Wishtree takes a modern day, controversial, political nightmare, and speaks love into it through nature. It’s a cute story. It’s educational. It’s thought-provoking if you allow it to be. I have to highly recommend this book, and even to adults, which feels weird, but right.
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I am not above reading children’s literature because one, I have a child and two, children’s literature gives you all the warm, happy feelings. Don’t be fooled by the genre, this one is not a picture book. It’s about 200 pages long, but you could read it in one night. If I had to guess on the age it’s intended for, I would say… 10 year olds? I don’t know, I’m not there yet. Ask me when my daughter is 10 if I think it’s appropriate for her reading level. Anyhow, I found Wishtree at a library used book sale for $.50, and let’s be real, that’s basically a steal.
by Katherine Applegate
Synopsis According to Mandi:
Without spoilers, Wishtree is about an old oak tree in the city, Red, who serves as the neighborhood “wishtree”. Once a year, on May 1, a long time tradition begs people to write their wishes on a piece of cloth and tie them to Red’s branches. The warm, happy feelings that come with community traditions like this, however, subside when someone takes to the wishtree with prejudicial actions toward the neighborhood’s new residents, a muslim family. Red, along with her animal residents, work together to make right the wrongs of the hurtful human before it’s too late.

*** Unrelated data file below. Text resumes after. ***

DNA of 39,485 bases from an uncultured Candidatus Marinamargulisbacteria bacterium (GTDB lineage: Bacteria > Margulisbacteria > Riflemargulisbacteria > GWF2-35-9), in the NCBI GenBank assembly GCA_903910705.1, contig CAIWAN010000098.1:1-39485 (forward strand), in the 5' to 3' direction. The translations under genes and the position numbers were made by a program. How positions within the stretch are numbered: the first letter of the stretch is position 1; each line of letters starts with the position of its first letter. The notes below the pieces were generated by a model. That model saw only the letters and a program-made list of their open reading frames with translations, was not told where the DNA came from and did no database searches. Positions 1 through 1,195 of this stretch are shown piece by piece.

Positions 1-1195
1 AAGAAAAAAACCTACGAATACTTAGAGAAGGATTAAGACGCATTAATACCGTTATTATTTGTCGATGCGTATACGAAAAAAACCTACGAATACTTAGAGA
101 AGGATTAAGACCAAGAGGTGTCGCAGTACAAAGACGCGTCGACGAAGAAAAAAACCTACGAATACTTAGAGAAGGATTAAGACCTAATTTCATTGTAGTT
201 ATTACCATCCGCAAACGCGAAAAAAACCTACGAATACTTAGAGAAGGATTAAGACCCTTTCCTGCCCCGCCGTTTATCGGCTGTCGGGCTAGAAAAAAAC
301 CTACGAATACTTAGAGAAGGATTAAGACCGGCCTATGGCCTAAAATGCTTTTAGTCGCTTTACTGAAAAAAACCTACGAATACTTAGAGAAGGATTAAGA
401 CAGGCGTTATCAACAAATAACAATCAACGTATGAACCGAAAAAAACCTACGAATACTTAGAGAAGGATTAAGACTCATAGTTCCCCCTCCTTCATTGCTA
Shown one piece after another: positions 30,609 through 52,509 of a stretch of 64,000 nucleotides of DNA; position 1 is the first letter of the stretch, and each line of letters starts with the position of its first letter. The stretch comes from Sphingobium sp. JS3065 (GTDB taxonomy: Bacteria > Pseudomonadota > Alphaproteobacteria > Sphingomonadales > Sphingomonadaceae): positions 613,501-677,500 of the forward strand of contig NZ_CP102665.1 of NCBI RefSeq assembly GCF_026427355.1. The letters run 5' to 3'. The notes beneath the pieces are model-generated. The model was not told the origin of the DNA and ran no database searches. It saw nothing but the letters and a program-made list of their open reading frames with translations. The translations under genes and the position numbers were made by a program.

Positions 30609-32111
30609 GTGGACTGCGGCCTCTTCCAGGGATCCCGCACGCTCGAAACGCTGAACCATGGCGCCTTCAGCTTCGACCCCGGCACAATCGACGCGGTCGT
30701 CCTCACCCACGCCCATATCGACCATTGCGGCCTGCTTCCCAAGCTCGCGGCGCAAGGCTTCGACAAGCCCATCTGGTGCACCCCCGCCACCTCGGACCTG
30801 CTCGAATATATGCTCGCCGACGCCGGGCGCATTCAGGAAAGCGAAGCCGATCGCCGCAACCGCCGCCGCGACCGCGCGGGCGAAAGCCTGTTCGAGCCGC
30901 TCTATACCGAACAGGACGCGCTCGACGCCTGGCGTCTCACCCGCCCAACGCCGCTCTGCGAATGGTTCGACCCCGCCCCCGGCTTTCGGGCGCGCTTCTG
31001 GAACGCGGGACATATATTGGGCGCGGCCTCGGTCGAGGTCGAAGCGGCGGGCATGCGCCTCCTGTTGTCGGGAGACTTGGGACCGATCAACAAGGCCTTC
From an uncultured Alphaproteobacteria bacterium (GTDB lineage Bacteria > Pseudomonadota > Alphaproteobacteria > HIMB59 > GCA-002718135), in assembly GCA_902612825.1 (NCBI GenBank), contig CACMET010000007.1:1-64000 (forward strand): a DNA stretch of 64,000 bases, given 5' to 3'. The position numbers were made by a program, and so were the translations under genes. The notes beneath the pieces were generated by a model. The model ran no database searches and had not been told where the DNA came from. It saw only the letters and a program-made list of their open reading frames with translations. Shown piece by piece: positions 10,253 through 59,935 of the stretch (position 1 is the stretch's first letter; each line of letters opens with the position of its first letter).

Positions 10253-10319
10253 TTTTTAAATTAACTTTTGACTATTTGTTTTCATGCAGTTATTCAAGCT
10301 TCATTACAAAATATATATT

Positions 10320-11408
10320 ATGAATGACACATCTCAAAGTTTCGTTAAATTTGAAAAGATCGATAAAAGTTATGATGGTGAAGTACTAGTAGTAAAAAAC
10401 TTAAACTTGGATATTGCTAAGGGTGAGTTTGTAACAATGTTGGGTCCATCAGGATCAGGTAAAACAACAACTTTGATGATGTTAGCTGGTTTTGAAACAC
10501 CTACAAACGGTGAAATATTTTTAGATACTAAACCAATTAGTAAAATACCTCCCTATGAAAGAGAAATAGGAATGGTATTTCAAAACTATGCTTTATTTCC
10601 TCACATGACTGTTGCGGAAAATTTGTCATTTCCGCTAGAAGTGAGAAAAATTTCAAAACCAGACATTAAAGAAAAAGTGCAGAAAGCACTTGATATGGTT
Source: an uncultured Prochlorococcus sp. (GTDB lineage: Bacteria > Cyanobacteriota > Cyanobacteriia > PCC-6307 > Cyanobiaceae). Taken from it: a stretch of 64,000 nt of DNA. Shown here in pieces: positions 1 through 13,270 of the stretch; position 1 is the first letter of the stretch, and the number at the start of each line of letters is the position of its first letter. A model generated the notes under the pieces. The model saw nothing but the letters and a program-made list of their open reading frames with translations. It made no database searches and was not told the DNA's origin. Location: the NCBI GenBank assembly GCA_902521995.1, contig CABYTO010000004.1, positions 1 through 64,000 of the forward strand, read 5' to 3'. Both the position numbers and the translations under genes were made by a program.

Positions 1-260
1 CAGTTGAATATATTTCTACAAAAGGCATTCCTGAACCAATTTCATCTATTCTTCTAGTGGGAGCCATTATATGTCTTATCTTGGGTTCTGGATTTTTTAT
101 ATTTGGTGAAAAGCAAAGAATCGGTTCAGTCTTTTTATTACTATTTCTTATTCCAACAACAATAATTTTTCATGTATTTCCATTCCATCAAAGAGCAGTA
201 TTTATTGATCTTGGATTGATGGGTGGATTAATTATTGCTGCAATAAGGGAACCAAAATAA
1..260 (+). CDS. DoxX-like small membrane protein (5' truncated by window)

It is a great gift indeed to love who you are.
― Katherine Applegate, Wishtree
Awards (based upon my brief research):
An Amazon Top 20 Children’s Books of 2017
New York Time’s Bestseller
My Overall Rating:
4 – My gut reaction was to give a 3, demoting it from a 4 simply because it’s “children’s literature”, but I let this post sit for a while because it just didn’t feel right. I’ve always appreciated children’s books that tackle deep, political issues in a way that a child may or may not fully understand at the time of reading (like much of Dr. Seuss’ writing, for example). Wishtree takes a modern day, controversial, political nightmare, and speaks love into it through nature. (Like… I think I’m talking myself into moving this up to a 5 just because of that last sentence.) It’s a cute story. It’s educational. It’s thought-provoking if you allow it to be. I have to highly recommend this book, and even to adults, which feels odd, but oddly right.
P.S. What wish would you tie to the wishtree?